For example, if you read about studies done with Aborigines, then you’re probably already familiar. At one point houses were built for these people, personal possessions given, in an attempt to acclimate them to our ways of living. But when they returned none of the homes or possessions belonged to any individual. They were all shared among the members of the tribe equally. There was no sense of personal possession.

Personal possession, along with male-dominance and other characteristics, came about rather late in the game. They started in Sumer and spread from there, as those two books explore in detail.

Much like the behavior change in humans that the Roman poet Ovid observed, “There broke out … all manner of evil, and shame fled, and truth and faith. In place of these came deceits and trickery and treachery and force and the accursed love of possession … And the land, hitherto a common possession like the light of the sun and the breezes, the careful surveyor now marked out with long boundary lines.”

Second, regarding “master race” and “mongrelization”

I’ve been at this for eight years now, so you can be sure I’ve come across these types of objections before. Don’t let these tales scare you away from these topics. Yes, what we’re discussing is going to come bumping up against racial issues quite a lot. We can’t let these fears disable our ability to discuss these issues openly.

Like the issues of beings with and without free will. I’ve been accused a time or two of being racist because of my claim that indigenous cultures don’t have free will. Don’t get it confused, a human without free will means they’re living within the will of God at all times. What we all strive to be, they already are. This does not make them less human or less capable. We are biologically identical.

But the truth remains, and human history illustrates, something significant sets our two blood lines apart. Allowing fear to get in the way of these discussions only holds us back from reaching greater understanding. I make it a priority at all times to not disrespect anyone or any race of people. It is possible to have these discussions respectfully and to avoid the ewwww factor.


(S. Joshua Swamidass) #4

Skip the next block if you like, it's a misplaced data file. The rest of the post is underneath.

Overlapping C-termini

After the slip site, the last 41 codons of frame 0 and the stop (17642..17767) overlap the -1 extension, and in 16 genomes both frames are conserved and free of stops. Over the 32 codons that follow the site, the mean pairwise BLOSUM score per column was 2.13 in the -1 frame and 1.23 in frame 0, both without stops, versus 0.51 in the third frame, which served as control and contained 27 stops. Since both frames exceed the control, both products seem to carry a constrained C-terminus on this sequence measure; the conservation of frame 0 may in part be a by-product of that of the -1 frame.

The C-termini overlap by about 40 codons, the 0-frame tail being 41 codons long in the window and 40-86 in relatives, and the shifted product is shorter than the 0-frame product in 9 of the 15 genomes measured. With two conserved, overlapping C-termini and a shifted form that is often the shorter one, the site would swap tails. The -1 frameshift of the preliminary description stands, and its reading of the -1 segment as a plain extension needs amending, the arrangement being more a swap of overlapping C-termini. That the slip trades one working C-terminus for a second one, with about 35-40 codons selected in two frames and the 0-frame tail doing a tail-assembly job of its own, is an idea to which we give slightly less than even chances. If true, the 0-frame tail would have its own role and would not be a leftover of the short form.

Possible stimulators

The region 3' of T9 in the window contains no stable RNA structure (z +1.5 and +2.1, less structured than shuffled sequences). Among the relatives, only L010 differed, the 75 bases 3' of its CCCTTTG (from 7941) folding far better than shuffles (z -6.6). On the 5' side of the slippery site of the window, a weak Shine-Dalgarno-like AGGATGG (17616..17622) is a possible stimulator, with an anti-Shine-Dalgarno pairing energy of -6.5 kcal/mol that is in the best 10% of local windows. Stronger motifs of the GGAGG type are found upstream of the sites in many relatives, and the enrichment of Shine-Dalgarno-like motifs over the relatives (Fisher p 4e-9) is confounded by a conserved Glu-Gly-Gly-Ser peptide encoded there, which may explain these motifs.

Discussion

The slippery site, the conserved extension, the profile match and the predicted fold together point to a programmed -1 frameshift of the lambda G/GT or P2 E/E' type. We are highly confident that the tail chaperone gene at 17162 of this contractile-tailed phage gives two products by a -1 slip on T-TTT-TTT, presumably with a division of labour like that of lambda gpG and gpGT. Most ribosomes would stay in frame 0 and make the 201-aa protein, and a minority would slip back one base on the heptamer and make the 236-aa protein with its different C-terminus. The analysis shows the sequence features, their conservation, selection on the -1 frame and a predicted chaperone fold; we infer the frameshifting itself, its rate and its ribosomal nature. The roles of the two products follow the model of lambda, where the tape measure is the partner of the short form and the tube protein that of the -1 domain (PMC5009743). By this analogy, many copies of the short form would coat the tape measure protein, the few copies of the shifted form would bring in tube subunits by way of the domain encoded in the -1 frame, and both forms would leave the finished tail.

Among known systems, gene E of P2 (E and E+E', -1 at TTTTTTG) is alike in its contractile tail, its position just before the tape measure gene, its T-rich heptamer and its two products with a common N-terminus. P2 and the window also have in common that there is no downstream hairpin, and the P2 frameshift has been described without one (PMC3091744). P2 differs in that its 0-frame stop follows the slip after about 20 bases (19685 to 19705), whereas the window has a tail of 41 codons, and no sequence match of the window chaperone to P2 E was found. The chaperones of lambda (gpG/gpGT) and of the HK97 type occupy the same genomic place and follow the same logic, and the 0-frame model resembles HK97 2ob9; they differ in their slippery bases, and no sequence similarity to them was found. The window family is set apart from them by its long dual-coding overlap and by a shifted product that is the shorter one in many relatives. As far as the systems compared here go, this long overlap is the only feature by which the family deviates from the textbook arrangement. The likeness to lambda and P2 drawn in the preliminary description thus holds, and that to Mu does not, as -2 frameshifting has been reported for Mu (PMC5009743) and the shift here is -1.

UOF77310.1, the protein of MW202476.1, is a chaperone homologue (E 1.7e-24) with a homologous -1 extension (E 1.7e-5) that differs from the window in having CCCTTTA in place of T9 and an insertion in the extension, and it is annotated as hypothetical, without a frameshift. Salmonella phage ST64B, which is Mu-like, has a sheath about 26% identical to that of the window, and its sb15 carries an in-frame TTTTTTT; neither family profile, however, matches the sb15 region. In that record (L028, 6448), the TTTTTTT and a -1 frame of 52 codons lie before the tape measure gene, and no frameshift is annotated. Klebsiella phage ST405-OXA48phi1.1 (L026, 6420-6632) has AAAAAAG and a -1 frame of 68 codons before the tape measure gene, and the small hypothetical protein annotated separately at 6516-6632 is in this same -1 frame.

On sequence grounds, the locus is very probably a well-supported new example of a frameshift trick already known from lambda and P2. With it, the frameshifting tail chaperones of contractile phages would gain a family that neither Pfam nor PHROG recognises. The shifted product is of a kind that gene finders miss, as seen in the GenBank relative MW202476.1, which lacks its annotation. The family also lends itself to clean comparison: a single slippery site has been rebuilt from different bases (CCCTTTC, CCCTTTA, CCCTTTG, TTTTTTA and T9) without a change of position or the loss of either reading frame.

@Jeremy_Christian , I think the problem is that what you call “self-aware” and “free will” are not really these things as common understood. I’m not sure if you find specific value in those terms, but it might be best to just drop them.

To help expose why I think this is idiosyncratic, it seems that our family dog both has free will and is self-aware. It would be hard to argue against this. If we move up the chain to a chimpanzee or an ape, it certainly seems that they have these things too.

It seems more like you are saying that there was a cultural change that happened with the rise of Adam. This was not a change in biological or spiritual ability, but perhaps in awareness of how to use technology subjugate others. They might been more “able” just in the sense they had more “knowledge” and technology and opportunity. If that is why you mean, you might do better by just dropping the terms “free-will” and “self-aware.”


(Jeremy Christian) #5

Yes, this has come up many times before. By “free will” I mean a will apart from God’s. This is according to how it’s illustrated in the stories. In creation it depicts a natural world that totally abides by the will of God. Then, in the Adam/Eve story, these two are placed in a specific scenario where only one God-mandated rule exists. For Adam/Eve to behave contrary to that will is the equivalent of matter behaving contrary to gravity.

This becomes a central theme of the story from that point forward. It’s all about human behavior. Whether or not the individual will of humans will bow to God’s will or not. Like the test Abraham was put through. Would his will to save his child override God’s will that his child die?

Free will I think is the correct term because even in the case of free will vs. determinism it’s much the same thing. Determinism means our behaviors are dictated by the matter we are made of and how it behaves in the environment of the natural laws. There is no real choice possible.